Defense Date


Document Type


Degree Name

Master of Science



First Advisor

Thomas Eissenberg, Ph.D.

Second Advisor

Alison Breland, Ph.D.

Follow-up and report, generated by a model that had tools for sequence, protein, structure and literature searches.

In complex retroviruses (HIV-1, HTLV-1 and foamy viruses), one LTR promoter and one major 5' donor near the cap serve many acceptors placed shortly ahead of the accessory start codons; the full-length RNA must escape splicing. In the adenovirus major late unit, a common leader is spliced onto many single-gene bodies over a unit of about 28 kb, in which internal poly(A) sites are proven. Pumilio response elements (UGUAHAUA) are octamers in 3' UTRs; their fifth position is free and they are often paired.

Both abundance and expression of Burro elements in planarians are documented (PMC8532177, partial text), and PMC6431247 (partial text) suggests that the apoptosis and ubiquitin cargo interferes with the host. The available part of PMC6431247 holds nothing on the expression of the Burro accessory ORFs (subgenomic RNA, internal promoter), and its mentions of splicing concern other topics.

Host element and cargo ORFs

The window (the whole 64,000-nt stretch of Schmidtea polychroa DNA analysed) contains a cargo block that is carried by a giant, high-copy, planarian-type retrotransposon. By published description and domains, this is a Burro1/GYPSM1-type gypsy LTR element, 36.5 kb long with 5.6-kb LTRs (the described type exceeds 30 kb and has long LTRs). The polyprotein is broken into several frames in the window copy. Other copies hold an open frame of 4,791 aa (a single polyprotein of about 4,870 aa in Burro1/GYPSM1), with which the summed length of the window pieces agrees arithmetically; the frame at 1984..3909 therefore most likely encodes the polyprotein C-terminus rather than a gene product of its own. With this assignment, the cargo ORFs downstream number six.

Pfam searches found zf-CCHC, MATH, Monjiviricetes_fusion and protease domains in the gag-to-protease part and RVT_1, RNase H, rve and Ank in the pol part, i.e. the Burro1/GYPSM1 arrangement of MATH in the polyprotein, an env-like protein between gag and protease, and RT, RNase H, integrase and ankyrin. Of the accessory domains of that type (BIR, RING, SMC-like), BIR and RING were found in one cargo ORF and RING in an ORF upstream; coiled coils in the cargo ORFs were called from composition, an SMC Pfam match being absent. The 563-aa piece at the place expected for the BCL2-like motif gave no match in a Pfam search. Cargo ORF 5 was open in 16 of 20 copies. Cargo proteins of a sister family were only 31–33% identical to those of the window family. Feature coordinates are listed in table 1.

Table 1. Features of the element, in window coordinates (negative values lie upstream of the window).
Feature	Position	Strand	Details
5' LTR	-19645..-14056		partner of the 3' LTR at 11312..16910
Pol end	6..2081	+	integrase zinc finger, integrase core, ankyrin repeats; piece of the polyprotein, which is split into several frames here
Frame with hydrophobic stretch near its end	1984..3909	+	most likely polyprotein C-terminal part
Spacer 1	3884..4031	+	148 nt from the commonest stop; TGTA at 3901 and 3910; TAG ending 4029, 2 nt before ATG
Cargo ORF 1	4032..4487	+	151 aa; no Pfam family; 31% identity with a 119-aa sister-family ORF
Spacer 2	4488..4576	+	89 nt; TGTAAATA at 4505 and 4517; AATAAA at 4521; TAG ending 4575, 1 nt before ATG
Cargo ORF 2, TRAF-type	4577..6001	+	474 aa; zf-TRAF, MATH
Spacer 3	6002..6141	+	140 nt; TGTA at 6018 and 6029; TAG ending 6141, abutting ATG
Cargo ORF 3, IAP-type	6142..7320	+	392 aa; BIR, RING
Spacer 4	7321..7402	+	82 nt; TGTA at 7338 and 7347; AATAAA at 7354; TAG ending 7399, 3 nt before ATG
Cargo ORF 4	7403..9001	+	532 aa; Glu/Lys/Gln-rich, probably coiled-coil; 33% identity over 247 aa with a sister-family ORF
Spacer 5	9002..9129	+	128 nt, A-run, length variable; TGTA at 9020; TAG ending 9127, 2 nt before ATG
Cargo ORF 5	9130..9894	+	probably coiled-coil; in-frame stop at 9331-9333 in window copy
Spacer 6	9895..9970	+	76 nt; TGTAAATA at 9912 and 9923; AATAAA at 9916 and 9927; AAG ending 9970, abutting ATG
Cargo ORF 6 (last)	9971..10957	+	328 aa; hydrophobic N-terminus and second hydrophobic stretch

Electronic cigarettes have grown in popularity across the U.S. and concerns have been raised about their abuse liability. The purpose of the current study was to evaluate and compare the abuse liability of an electronic cigarette with and without nicotine to a nicotine inhaler (the Nicotrol inhaler) and participants’ own brand of cigarettes. A total of 24 smokers attended four sessions in which the abuse liability of each product was examined using the Multiple-Choice Procedure (MCP), nicotine delivery, nicotine abstinence symptom suppression, and subjective reinforcing effects. Results revealed that the nicotine containing and non-nicotine containing electronic cigarette had a higher reinforcing efficacy on the MCP than the nicotine inhaler, but on average had a lower reinforcing efficacy than participants own brand of cigarettes. The nicotine containing electronic cigarette delivered nicotine to participants in amounts that did not differ significantly from participants’ own brand of cigarettes. The electronic cigarette with nicotine reduced nicotine abstinence symptoms to a greater degree than the electronic cigarette without nicotine, and both electronic cigarettes were rated as subjectively more reinforcing than the inhaler but less reinforcing than participants’ own brand of cigarettes. In sum, the results from this study suggest that the electronic cigarette examined had a moderate level of abuse liability that was higher than an FDA-approved nicotine inhaler but lower than traditional cigarettes. Furthermore, findings also suggest that electronic cigarette abuse liability may extend beyond factors related to nicotine delivery.


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